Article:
CenturyLink Field

Reader Generated Content: Fake Field Farces

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This is something I’ve wanted to do for some time, but for whatever reason — be it subject matter, lack of dialogue, or insufficient time — there’s never been a chance to circle back on a post and redress the discussion.

Yesterday, however, I jumped head first into an unpopular position – defending the quality of FieldTurf. Between the site and one prominent reader on Twitter, we had a number of people furthering the conversation.

And that’s really what this blogging business is all about. While we do our fair share of reporting and analysis on the site, the backbone of ProSoccerTalk is people like Steve, Noah, and myself adding what little views we can to discussions that started elsewhere. Be it on long standing debates, the significance of transfers, or giving a story an extra layer of context, the mandate underlying our work is to bring the soccer world to you.

Yesterday, I built on Grant Wahl’s reporting on Pacific Northwest qualifiers by making the case for FieldTurf. The basic thesis: FieldTurf should not be exclusionary criteria for hosting important matches. Synthetic surfaces may never be as ideal as pristine sod (perhaps a debate for another time), but a good instance of the turf will beat a lot of grass fields.

You guys had your say. Here’s a selection of the comments along with my latest attempts to kick the can:

… this conversation is not a problem in many countries today. Russia has consciously used artificial turfs for Euro qualifiers and their opponents have not made a stink about it. Why does the USSF work to thwart the optimal turf for the stadium? Their reasoning is not persuasive.

— “corgster”

This might be the part of the debate I find most disturbing. No, just because other countries use fake turf doesn’t mean we have to do the same, especially when (in most places) we have the economic capability of maintaining a sod fields. But the only other place in the world where you find such disproportionate, unjustified (and frankly, paranoid) opinion on fake fields is England. And I’m always wary of instances where U.S. soccer culture blindly inherits from England (see style of play limitations).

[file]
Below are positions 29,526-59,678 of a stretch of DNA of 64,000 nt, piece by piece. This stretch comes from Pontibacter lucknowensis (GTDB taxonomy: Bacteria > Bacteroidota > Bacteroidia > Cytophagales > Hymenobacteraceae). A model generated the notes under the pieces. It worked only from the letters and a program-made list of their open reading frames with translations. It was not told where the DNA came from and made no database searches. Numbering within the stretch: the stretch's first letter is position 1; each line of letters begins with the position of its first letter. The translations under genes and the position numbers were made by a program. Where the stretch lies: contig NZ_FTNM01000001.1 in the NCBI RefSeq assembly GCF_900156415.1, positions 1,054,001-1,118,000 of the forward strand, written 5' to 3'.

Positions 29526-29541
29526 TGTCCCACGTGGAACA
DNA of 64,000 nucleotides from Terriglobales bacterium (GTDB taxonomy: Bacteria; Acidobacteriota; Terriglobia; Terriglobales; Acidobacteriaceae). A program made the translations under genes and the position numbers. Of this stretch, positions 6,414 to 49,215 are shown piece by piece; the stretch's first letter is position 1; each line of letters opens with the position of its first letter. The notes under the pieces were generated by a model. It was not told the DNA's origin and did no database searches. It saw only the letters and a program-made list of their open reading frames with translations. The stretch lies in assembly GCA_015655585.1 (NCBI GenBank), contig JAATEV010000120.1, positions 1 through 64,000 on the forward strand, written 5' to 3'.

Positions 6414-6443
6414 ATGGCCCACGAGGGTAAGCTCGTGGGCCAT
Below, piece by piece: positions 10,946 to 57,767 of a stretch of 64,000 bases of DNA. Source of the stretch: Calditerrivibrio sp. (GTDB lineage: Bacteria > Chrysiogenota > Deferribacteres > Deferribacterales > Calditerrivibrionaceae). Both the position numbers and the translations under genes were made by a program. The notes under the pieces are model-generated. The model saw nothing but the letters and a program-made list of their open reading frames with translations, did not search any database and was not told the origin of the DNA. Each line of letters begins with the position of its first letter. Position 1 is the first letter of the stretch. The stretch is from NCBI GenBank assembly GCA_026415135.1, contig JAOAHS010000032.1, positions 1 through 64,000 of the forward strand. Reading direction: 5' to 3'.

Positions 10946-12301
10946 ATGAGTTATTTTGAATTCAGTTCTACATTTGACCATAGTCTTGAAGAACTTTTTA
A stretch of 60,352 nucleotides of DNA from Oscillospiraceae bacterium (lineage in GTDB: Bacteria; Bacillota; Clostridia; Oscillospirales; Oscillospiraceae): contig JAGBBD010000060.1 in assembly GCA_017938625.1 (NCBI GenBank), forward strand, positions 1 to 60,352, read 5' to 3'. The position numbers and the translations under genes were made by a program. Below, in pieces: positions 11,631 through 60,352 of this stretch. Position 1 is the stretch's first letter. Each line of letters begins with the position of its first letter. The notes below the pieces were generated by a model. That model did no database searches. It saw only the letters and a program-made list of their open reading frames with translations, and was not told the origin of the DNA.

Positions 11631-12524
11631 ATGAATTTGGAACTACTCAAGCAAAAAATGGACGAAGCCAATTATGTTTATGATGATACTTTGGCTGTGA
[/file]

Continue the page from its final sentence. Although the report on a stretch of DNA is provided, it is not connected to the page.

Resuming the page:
Every pro player, (lets say this again, EVERY PRO PLAYER), that speaks on the subject says field turf makes their bodies hurt more, requires longer recovery, and produces unpredictable bounces and plays different than a good grass field …

— “donjuego”

The first sentence is an exaggeration. Based on my first hand experience covering the league, it’s nowhere close to true. Many players harbor apprehensions about playing on synthetic fields, but it’s nowhere close to “Every.”

Or “EVERY.”

But we can’t ignore the fact that a lot of player opinions may be products of the same biases that have led the new, perfectly playable synthetics to be stigmatize. It’s an attitude that’s carried over from the time of artificial turf – the thin green carpet, usually used with only a thin pad separating it from concrete, that sacrificed more than one player’s career for economic considerations.

While those lingering healthy concerns are understable, they’re also antiquated. Nobody plays on artificial turf anymore (even Olympic Stadium in Montreal replaced their AstroTurf last decade).

It’s true that players always prefer grass, but it’s an exaggeration to say every player “speaks” out on the subject. For some, FieldTurf is a non-issue, if suboptimal.

On a good FieldTurf pitch, none of the qualities the reader lists are necessarily true.

Sure, Field Turf is better than a crappy, hard grass field like I played on in high school. But there is no comparison between Field Turf and a high quality field like any grass field USSF chose would be.

— “creek0512:

A high quality grass field under ideal conditions will always be preferable to turf. However, there are times when conditions are less than ideal.

— “arbeck”

I just think if fake turf were actually, truly fine then many more would be playing on it Simple. It’s not about conspiracies or whiny, Luddite players.

— “scottp11”

This range of comments underscores what should be the guiding principle as it concerns any pitch. Fields don’t exist in a real versus fake, good versus bad duality. They fall on a spectrum from completely unplayable to perfect conditions. And if we’re judging purely on playability and discard our clichéd maxims derived from the days of artificial turf, the best fake pitches are going to fall closer to the right end of that spectrum that some perfectly good grass fields.

But I suspect we’re still a generation away from the bias dissipating. It’s going to take a new generation of players growing up exposed to FieldTurf for the most vehement opposition to be drowned out. By then, some different viewpoints will have crept into decision making seats at U.S. Soccer.

Last but not least, an interaction I had on Twitter yesterday with a Major League Soccer player. As with all things Twitter, it took a while for us to establish our places in the conversation, but as you can see, new San Jose Earthquakes defender Dan Gargan and I ended up with similar (if obviously differentiated) positions:

source:

source: